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Our Turn: N.H. bee populations are in trouble, and the way forward

  • A bumble bee works on a flowering white bush at the State House. Monitor file

Published: 3/14/2021 1:00:14 PM

New Hampshire is a beautiful state and as residents we are incredibly blessed to live here and have the opportunity to enjoy the natural beauty that attracts tourists and supports our economy.

Despite the bucolic appearance of our landscape, upon close investigation we find an ecosystem in trouble. New Hampshire’s biodiversity is threatened by a variety of factors including habitat loss, climate change, pollution, invasive species and harmful pesticides.

New Hampshire’s native pollinators and domestic honey bees are responsible for one in three bites of food that we eat. University of New Hampshire scientists have found a drastic decline in three of our native bumblebees and a significant decline in a fourth type of bumblebee. Of those, the rusty patched bumble bee is thought to be locally extinct. The Bee Informed Partnership reports 2019/20 total winter all colony losses of 47.73% in New Hampshire, higher than our neighboring states of Vermont, Maine and Massachusetts and the second highest losses of all states surveyed. Summer losses reached record highs nationwide in 2020. Various environmental stressors affect pollinators, including disease and parasites. Exposure to pesticides like the widely used neonicotinoid class, causes both lethal and sub-lethal effects, and makes bees more vulnerable to parasites and disease.

Pesticides harm our pollinators, ecosystems, and also our health. These toxic chemicals affect children’s brain development, interfere with hormone function, and cause cancer and other diseases.

Some will argue that we need synthetic pesticides to protect our crops and manage landscapes, but what if there is a safe alternative that does not rely on toxic materials, and can help address some of the issues mentioned at the outset, like habitat loss, invasive species, and even climate change? It’s called organic, and it’s already being used successfully here in New Hampshire by farmers and landscaping professionals.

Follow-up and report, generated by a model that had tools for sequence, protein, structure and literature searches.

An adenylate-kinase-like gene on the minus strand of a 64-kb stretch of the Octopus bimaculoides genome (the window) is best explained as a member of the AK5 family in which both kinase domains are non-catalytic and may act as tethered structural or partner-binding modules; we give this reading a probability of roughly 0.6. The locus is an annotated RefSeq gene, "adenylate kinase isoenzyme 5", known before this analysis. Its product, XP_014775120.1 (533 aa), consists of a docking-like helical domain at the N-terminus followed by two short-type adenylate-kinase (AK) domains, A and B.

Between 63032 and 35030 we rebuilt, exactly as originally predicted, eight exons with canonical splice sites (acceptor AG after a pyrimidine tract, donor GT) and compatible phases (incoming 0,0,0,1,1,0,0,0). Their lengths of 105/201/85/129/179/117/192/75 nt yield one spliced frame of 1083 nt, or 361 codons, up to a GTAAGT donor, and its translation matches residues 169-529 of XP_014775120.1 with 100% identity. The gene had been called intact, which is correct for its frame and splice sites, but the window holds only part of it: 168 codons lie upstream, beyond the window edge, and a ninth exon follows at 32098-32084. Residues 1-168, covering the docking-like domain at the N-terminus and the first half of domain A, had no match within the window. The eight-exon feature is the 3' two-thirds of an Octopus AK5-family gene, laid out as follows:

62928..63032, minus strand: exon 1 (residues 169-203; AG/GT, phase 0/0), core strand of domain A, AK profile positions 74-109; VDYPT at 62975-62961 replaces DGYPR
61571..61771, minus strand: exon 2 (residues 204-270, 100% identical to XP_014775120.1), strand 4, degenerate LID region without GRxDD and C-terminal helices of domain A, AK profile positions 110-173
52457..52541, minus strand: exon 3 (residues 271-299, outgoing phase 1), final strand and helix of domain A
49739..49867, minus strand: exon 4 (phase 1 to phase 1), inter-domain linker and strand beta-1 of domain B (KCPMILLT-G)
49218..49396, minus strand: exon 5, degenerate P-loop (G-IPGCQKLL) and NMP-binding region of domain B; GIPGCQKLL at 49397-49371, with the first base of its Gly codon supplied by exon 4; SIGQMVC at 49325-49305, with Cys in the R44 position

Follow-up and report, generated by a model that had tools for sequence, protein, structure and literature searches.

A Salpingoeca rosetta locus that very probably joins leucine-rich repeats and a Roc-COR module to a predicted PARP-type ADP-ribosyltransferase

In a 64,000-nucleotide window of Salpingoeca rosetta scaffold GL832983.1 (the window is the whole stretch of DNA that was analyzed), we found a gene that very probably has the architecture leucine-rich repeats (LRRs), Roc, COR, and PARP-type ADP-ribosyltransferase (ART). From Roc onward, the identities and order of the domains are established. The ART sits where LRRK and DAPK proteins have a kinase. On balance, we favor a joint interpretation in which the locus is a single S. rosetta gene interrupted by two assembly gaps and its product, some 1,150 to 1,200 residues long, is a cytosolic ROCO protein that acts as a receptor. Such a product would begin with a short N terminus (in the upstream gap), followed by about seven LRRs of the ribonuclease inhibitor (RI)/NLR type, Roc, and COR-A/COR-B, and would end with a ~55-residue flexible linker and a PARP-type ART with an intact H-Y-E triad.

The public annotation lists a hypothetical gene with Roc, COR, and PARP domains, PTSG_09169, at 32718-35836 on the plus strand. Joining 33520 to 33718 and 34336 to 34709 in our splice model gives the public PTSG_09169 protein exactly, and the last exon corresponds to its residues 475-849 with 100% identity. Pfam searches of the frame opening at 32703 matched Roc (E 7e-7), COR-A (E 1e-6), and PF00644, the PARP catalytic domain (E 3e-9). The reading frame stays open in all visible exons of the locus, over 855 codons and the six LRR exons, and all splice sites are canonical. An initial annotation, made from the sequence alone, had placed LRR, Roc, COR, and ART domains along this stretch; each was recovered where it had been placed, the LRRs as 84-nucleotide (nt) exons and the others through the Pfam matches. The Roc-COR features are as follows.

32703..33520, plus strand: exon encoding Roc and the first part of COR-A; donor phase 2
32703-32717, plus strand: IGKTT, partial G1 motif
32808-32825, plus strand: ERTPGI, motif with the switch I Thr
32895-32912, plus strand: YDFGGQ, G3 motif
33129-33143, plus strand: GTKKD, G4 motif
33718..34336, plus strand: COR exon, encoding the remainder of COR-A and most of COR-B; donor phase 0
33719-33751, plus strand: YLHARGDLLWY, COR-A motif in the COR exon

By expanding access to education about organic practices our state can become a leader in protection of its people, pollinators and environment.

Scientists have found that the abundance of beneficial soil microbes are negatively impacted by pesticides. Healthy soil can play a vital role in sequestering carbon from the atmosphere. By using organic practices coupled with regenerative principles on our farms, and organic land care standards in our parks, yards and gardens, we can use our land as a carbon sink.

Research also finds that organic farming boosts local economies. Organic farmers get higher prices for their produce and end up with higher profits. We already have well over 100 organic farms operating in the state.

The NOFA Standards for Organic Land Care can guide us in choosing native plants, managing invasive species and caring for our landscapes without toxic chemicals or synthetic fertilizers, and to focus on soil health. These practices benefit pollinators, wildlife, water and air quality for our state.

The damage of using synthetic chemicals in the soil, water and air takes many years to be undone, but it is possible. The very heart of our state, the seed, soil, water, air and pollinators need our protection.

Let’s work to educate on the benefits of organic farming and land care. One thing is true for New Hampshire people: we take pride in our state’s beauty and healthy foods we produce. Let’s make them free of harmful pesticides and protect our current and future generations natural resources with organic practices.

(Diana Carpinone is an accredited organic land care professional and president of Non Toxic New Hampshire. Fawn Gaudet is a teacher with NH Save Our Pollinators Coalition.)

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